In order to create a realistic persona, we researched places from his childhood city, Baghdad. We liked the Facebook pages of popular cafes, museums and popular news networks related to Iraq. Moreover, in terms of his political and religious interests, we liked and shared posts created by ‘Al Jazeera’, ‘Iraqi News’, ‘Iraq Solidarity News’ and Koranic pages such as Koran al Karim’ which shares daily Quran surahs. Our persona was meant to be a modern, young, artistic man who practices his religion faithfully and who is very politically aware and involved, especially when the subject revolves around Islamophobia and people’s misperception of the Muslim religion. However, we still tried to maintain a more accepted modernity of Mohammed by sharing posts on his creative passions such as beautiful calligraphy and music as we did not want his page to be purely political and religious.

Creating a fake persona on Facebook is ethically questionable, because although we are trying to veer away from stereotypes, the persona we are creating still lives up to a large degree to these stereotypes surrounding race and religion. Another reason why this research is ethically questionable is the project itself. Creating a fake persona is not only misleading for Facebook algorithm systems but for other users as well. The result is a biased feed along with preconceived notions of who a person should be according to their Facebook likes and shares. This can also be problematic when Facebook users believe in the existence of our persona. Lastly, there is always a possibility that real users will emotionally connect to the fake persona, which is another unethical outcome. However, we find that it is for the greater good that Facebook’s filter bubble is being exposed.

 

Extracting the Data


For the extraction of the data we used a tool called Fbtrex, which is a project managed as a GPL free software community and is part of another project: Facebook tracking.exposed. The latter functions as an extension of Google Chrome or Mozilla Firefox. Its aim is to help users track and filter Facebook’s algorithm system. The main goal of this project is to create a fairer online space for both users and developers. Inspired by the peer to peer free internet of the past, tracking.exposed has created its own manifesto in which it describes its main goals and addresses ethical questions relating to the project.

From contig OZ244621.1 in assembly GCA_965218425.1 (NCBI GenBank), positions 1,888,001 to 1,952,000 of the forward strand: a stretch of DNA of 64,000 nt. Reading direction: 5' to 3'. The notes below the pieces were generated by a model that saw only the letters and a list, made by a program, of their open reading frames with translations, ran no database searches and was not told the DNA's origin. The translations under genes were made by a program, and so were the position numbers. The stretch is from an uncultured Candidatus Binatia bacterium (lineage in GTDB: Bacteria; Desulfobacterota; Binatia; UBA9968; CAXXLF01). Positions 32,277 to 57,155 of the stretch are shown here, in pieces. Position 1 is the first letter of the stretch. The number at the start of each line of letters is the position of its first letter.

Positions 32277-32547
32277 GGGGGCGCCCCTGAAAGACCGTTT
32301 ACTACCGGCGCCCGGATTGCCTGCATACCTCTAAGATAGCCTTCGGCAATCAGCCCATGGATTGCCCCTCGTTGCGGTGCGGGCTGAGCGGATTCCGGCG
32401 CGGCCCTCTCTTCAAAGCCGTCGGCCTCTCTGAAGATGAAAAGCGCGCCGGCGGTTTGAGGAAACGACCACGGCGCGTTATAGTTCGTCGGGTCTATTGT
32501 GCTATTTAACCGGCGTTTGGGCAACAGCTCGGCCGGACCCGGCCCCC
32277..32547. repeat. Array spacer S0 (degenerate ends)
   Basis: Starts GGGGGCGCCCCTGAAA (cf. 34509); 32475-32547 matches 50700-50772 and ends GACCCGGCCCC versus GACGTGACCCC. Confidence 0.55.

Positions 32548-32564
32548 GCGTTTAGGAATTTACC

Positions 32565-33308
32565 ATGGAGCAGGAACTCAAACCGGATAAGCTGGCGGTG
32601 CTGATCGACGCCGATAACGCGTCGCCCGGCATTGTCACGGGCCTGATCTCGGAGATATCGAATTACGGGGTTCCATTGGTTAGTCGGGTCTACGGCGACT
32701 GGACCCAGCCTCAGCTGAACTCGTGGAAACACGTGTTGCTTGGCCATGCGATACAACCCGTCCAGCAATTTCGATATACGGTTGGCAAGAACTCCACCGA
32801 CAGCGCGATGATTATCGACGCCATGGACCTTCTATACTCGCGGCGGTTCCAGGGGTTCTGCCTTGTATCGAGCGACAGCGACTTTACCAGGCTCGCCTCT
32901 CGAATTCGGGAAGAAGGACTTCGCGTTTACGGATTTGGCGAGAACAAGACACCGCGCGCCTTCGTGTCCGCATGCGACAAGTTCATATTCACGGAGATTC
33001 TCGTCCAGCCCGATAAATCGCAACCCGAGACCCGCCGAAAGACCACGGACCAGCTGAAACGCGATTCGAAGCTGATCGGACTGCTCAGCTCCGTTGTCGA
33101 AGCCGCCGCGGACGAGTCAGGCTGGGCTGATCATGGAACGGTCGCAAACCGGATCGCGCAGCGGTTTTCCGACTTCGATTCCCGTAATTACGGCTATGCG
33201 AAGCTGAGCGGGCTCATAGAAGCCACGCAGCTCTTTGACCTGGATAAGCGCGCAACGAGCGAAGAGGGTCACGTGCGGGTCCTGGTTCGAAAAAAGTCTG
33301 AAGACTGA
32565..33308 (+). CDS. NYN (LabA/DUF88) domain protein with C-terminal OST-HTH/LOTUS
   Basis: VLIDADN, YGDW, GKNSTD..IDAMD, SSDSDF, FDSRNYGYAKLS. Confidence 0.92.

In particular, Fbtrex is a tool aimed to expose Facebook’s potential bias and unfair algorithm systems that limit the information to which users are being exposed on a daily basis, namely, filter bubbles. Among media students like us, this knowledge about Facebook’s recommendation system helps us understand the importance in using such tools to spread awareness and eventually improve these algorithms. Hopefully in the future, this might result in fairer filtering systems and a less secretive online world. As social media users, we are being exposed to only a fraction of what we would see on our feeds if it weren’t for the selection led by these algorithms and filter bubbles. We used Fbtrex to gather and harvest data from our own personal Facebook profiles, then created a fake profile page in order to highlight how different and personalised Facebook feeds become. One of the downsides of Fbtrex is that the tool doesn’t collect all data. The tool exclusively collects timeline posts that are public, cutting out a large chunk of uncollected yet vital data; for example, friend requests. This is unfortunate because friend requests can be very important in the process of getting deeper into a filter bubble.

We inserted the harvested data into an excel worksheet for further analysis. We categorised it and arranged it transparently and easily as possible. When the data was processed, we uploaded it into rawgraphs.io to make this abundance of information more understandable.

Findings

As weeks went by, we saw interesting things happening on Mohammed’s profile. Below we present the findings in numbers:

 

media bubble chart